Purpose: We aimed to compare imaging with (123)I-MIBG and (68)Ga-DOTA-TATE in neural crest tumours (NCT) to see if the latter could offer more advantage in detecting extra lesions and have higher sensitivity for malignant lesions.
Procedures: We retrospectively reviewed 12 patients (M = 10, F = 2; age range 20-71 years) with NCT (phaeochromocytomas = 7, paragangliomas = 4, medullary thyroid cancer = 1) who underwent both (68)Ga-DOTA-TATE positron emission tomography (PET) or PET/computed tomography (CT) and (123)I-MIBG single-photon emission computed tomography within 6 months. Visual assessment of all lesions and measurement of target/non-target (T/N) ratio in selected lesions were performed. Five patients (aged 50 or less) had SDHB screening results correlated with imaging results of both radiopharmaceuticals. All patients had contrast-enhanced CT and/or other cross-sectional imaging.
Results: (68)Ga-DOTA-TATE PET showed tumour lesions in ten out of 12 patients with confirmed disease, while (123)I-MIBG showed lesions in five out of 12 patients. In one patient, both (68)Ga-DOTA-TATE PET and (123)I-MIBG were negative, but CT, magnetic resonance imaging, and 2-deoxy-2-[(18)F]fluoro-D-glucose PET scans identified a lesion in the thorax. (68)Ga-DOTA-TATE and (123)I-MIBG detected a total of 30 lesions, of which 29/30 were positive with (68)Ga-DOTA-TATE and 7/30 with (123)I-MIBG. We also found higher incidence of SDHB positive results in patients with positive (68)Ga-DOTA-TATE.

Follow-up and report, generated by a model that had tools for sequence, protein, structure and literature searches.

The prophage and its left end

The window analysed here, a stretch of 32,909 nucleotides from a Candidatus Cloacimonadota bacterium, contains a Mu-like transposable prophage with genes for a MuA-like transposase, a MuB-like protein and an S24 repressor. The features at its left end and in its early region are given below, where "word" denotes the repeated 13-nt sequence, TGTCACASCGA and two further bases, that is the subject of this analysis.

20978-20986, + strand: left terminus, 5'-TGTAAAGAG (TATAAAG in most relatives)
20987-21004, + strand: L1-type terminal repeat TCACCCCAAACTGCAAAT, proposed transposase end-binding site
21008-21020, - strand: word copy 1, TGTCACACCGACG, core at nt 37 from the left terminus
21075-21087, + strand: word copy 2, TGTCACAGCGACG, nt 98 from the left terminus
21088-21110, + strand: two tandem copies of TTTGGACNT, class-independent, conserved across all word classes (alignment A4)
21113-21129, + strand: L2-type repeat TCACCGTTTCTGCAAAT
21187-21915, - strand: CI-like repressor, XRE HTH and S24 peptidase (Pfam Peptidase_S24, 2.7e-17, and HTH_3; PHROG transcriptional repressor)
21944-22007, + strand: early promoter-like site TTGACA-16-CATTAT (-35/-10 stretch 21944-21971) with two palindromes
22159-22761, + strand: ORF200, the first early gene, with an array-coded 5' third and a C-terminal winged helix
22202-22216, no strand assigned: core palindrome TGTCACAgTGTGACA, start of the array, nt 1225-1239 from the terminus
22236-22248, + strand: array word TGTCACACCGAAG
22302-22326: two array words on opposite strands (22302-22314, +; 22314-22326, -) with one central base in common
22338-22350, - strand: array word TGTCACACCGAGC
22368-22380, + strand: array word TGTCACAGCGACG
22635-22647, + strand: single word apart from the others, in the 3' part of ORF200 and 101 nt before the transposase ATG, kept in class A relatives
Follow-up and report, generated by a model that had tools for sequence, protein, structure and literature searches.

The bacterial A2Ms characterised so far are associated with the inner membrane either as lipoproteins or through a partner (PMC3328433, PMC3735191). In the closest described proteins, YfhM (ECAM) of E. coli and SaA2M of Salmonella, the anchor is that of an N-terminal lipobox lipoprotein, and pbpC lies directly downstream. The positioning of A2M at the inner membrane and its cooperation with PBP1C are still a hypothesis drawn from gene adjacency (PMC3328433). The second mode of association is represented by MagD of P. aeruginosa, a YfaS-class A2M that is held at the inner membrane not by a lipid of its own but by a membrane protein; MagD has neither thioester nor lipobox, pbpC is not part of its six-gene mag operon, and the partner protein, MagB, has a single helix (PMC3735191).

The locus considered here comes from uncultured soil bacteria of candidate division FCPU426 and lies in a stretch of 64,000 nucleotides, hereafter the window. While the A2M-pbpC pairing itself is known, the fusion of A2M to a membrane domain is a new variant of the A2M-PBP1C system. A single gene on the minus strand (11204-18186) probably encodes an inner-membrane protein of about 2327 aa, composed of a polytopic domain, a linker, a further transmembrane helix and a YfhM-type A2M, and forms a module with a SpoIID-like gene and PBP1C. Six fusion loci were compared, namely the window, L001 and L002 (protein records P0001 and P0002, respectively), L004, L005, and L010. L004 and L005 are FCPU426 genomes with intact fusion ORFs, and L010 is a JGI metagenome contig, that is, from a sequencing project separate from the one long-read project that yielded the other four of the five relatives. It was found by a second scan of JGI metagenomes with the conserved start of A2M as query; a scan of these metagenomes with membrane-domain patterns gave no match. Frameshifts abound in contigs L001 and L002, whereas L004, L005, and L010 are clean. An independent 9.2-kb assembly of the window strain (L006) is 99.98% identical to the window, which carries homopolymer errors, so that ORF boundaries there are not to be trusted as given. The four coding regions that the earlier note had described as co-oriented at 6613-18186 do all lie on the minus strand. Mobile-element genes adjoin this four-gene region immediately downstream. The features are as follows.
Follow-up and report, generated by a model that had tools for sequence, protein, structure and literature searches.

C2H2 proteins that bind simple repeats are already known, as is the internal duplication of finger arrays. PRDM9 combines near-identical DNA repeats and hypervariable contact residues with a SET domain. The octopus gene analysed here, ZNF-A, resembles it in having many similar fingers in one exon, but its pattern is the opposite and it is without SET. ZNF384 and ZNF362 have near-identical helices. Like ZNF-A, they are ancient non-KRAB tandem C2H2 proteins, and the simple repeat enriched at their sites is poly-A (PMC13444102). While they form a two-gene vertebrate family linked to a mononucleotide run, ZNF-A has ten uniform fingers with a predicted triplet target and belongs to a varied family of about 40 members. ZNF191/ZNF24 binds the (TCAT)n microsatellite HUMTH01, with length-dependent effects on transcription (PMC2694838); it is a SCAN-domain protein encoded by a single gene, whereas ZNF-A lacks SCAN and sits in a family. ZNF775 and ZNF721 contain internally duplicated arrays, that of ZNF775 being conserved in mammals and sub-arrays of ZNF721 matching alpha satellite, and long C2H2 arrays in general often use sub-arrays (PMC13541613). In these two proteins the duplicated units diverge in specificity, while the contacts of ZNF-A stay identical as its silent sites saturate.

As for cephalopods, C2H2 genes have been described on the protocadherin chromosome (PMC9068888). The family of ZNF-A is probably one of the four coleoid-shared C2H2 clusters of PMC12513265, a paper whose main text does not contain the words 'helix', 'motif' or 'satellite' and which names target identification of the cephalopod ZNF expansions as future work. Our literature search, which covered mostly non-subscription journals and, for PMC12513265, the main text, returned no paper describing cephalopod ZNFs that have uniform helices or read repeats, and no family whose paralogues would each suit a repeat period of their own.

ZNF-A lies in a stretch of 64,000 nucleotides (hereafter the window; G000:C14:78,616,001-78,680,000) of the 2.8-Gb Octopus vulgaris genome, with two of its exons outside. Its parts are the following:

Conclusion: Our limited data suggest that (68)Ga-DOTA-TATE is a better imaging agent for NCT and detects significantly more lesions with higher T/N ratio compared to (123)I-MIBG. (68)Ga-DOTA-TATE was more likely to detect malignant lesions as indicated by correlating imaging results with SDHB screening.